One month after board members approved the policy, Iowa City Community School District administrators responded to the Iowa Department of Education's request for additional information on the contentious diversity plan.
The document outlines who will develop implementation and the scope of the data used to move forward with the plan, which aims to spread out the populations of students qualifying for free and reduced-price lunches throughout district schools, but specifics on how the plan will take shape are still sparse.
"I recognize that some of this does not provide a lot of detail, but the Diversity Plan is fairly newly adopted and the implementation process is very much in its infancy," reads the response, signed by Joe Holland, attorney for the Iowa City schools.
According to the district's letter, administrators cannot develop a detailed implementation plan for the policy until they receive a completed facilities report and enrollment projections.
On the eve of the board's final vote, department officials called the policy illegal because it may allow students who qualify for free- and reduced-price lunches – a measure of used to indicate economic status – to be identified, thus violating federal law. Ann Feilmann, chief of the bureau of nutrition and health services for the department, then requested the district provide additional information about the plan by March 8.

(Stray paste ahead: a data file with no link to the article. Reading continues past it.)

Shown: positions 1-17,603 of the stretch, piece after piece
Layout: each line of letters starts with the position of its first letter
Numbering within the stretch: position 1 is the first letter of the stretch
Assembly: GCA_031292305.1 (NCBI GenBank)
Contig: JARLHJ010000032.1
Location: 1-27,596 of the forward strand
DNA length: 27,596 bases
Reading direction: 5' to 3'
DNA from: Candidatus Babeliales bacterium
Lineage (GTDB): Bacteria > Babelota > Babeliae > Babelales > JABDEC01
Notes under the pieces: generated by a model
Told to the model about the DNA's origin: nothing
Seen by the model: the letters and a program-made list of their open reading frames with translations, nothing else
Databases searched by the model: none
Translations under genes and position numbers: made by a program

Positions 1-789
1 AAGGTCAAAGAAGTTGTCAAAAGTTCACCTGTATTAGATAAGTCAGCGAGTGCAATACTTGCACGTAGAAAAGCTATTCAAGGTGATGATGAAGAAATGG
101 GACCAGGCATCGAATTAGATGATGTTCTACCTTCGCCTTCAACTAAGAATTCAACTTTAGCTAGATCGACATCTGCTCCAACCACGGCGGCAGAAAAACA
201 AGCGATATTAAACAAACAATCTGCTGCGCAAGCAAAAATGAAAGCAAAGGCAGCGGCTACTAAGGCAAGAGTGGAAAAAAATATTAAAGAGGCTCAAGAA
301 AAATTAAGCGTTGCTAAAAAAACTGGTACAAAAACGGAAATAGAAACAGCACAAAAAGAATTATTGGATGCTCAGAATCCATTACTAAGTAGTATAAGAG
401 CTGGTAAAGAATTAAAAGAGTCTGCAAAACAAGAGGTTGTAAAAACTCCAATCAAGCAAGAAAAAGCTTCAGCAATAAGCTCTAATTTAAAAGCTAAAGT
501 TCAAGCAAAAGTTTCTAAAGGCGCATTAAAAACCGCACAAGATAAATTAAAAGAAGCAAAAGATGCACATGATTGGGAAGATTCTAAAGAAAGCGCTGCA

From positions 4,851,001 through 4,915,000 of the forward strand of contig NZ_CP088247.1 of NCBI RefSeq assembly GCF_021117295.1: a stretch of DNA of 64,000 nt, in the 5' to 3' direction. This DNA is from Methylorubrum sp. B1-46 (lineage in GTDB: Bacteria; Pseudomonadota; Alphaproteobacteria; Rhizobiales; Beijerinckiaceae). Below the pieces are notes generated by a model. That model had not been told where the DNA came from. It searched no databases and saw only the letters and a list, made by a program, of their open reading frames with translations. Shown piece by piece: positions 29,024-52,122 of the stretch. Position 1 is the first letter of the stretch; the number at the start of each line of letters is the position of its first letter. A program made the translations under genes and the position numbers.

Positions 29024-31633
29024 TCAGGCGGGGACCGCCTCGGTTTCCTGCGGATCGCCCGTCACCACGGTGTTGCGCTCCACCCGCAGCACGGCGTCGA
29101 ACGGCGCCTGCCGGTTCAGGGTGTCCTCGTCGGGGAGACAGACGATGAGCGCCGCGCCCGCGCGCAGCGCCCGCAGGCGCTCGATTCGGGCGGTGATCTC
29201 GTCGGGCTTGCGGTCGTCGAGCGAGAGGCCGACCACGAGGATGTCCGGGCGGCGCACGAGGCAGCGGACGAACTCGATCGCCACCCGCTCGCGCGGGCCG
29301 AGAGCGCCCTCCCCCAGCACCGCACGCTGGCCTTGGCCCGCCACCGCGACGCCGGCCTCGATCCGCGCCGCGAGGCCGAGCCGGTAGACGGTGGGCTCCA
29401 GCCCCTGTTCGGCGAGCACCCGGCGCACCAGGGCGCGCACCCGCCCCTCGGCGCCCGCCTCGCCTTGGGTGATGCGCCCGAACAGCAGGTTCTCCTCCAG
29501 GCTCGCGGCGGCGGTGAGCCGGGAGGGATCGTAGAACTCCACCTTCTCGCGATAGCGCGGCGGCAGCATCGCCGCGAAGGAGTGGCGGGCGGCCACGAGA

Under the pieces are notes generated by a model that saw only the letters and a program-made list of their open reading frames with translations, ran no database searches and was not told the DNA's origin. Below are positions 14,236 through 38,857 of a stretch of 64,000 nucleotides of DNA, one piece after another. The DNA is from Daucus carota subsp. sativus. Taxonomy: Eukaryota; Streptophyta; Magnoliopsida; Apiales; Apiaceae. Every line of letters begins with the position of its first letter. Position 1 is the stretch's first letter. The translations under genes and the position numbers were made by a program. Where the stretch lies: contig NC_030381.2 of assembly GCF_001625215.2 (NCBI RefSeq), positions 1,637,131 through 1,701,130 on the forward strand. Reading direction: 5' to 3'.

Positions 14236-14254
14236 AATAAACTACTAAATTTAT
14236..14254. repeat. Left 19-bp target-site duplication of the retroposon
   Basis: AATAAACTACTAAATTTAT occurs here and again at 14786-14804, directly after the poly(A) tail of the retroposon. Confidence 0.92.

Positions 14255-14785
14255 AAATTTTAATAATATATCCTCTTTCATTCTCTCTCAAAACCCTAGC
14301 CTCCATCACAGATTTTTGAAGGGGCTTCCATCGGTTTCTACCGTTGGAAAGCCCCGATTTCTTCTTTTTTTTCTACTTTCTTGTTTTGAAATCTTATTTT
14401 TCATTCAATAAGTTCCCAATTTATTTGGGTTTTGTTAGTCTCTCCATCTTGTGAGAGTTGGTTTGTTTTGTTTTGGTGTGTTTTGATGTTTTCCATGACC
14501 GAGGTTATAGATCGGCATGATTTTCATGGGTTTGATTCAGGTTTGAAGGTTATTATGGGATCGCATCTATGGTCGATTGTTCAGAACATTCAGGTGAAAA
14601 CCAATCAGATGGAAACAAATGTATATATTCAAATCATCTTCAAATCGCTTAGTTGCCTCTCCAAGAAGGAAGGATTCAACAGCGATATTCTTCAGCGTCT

Iowa Department of Education officials replied to Iowa City schools administrators Friday and did not request specifics, but will continue to monitor the district as it develops the diversity plan.
"We appreciate that the Iowa City school district provided an initial response to us in a timely manner and we look forward to receiving more information on how the district plans to comply with the law," said Staci Hupp, chief of the bureau media and communications services for the Iowa Department of Education. "We remain committed to working with the school district to find a way to meet its goals while also ensuring that families who qualify for free and reduced-price lunches are properly protected under federal law."Gazette reporter Gregg Hennigan contributed to this report.